The myth of the monstrous teacher

Recently we took the kids to see the stage musical Matilda in London’s West End. We’d all read the book and seen the movie but this was something different. It’s a great show with memorable tunes, entertaining performances (especially the ten year old girl in the title role) and lots of parent-pleasing stuff about how much cooler books are than TV. But towards the end one thing about the story struck me as being perhaps a little bit dated, albeit in an interesting way.

The main thrust of the plot has Matilda (and other characters) standing up to a vile, cruel, child-hating teacher called Miss Trunchbull, and one of the repeated musical refrains has Matilda asserting her right to stand up to bullying adults, “be a little bit naughty” and defy authority. What I wondered whilee listening to this was that the archetype of the monstrous teacher may have a long and popular history, but does it really have any basis in reality any more? When (spoilers, although it shouldn’t come as a surprise) the whole class rises up in noisy defiance, I found myself thinking that maybe contemporary teachers would view this scene rather differently. I don’t think kids any longer have the kind of cowering fear faced with adults in positions of authority, and they probably no longer need such encouragement to rebel and talk back. Might not a teacher these days think “Actually we could do with a little more classroom discipline, and some of the kids I teach need to sit down and shut up and listen a bit more”?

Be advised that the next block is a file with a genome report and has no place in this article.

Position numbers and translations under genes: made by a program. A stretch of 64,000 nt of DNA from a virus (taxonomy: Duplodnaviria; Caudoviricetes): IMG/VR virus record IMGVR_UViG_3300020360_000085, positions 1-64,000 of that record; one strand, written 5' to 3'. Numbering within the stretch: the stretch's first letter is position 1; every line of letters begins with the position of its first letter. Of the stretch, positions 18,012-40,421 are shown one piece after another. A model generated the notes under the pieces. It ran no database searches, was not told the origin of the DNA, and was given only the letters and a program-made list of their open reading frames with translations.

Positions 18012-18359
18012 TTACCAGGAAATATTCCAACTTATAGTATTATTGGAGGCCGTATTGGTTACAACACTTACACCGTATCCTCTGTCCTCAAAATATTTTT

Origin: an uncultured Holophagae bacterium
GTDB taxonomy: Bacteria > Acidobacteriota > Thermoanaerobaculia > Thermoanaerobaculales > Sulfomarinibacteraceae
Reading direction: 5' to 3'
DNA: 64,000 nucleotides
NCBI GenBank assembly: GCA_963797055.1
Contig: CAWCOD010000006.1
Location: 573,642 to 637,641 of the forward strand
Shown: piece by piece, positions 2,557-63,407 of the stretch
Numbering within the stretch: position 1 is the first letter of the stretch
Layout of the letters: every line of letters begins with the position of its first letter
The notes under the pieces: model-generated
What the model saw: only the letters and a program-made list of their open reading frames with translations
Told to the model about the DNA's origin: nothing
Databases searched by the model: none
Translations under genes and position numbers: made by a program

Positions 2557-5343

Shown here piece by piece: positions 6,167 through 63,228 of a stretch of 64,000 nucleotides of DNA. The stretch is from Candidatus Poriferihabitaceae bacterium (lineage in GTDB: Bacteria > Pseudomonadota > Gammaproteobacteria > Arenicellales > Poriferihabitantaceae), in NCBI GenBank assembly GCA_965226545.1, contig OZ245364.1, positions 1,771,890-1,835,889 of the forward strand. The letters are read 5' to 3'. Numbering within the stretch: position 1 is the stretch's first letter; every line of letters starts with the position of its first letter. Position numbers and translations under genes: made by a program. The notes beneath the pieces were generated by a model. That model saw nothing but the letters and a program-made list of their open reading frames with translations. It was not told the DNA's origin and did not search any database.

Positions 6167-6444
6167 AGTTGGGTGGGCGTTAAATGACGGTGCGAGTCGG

Now the novel was written by Roald Dahl in 1988, which to my mind already puts it into an era when this kind of monstrously cruel teacher was already probably a thing of the past, more or less. And I don’t recall anything in the other versions of the story about it being a period piece. But compare this portrayal of teachers with what you can see nowadays on children’s TV drama on channels like CBBC. You see very few scary, authoritarian teachers and a lot more weak, comically ineffectual ones trying in vain to control a rowdy, aggressive bunch of kids.

This is maybe a small complaint, as the rest of the story is very much about using your intelligence, self-respect and fighting anti-intellectualism. But it might be nice to see more stories which present teachers as heroes, rather than villains.

By the way, this was probably my favourite song from the show.


Little boy lost

I remember a family outing to a forest in Devon with a river running through it (broadly similar to Tarr Steps). I was probably somewhere between 6 and 9 years old at the time. I was there with my parents, siblings, grandmother, aunt and uncle.

We were heading back towards the car park and I had run on ahead. Just before the car park I stopped and decided that it would be a funny joke to head up the hill a little and hide behind a tree. As family members gradually arrived back at the car park I watched from my hiding place as they started to look around for me. After a few minutes they started to get more worried and a couple of them headed back they way we’d come to search along (and in) the river. The more serious things got the less keen I was to venture down from behind the tree and to reveal myself, fearful of the inevitable tongue-lashing. But at a certain point it became unavoidable so I meekly trotted down the hill to where my uncle and gran were waiting while the others had gone off looking in various directions. These being the days before mobile phones we had to wait until they’d all come back before they knew I was safe and sound.

And this was back in the 1970s when parents were noticeably more relaxed about their kids wandering off on their own. I’ve experienced a couple of occasions where I’ve ‘mislaid’ a child and it doesn’t take long for the cold feeling to grow in the pit of your stomach and for your mind to leap to the darkest conclusions. Somewhere between thirty and sixty seconds.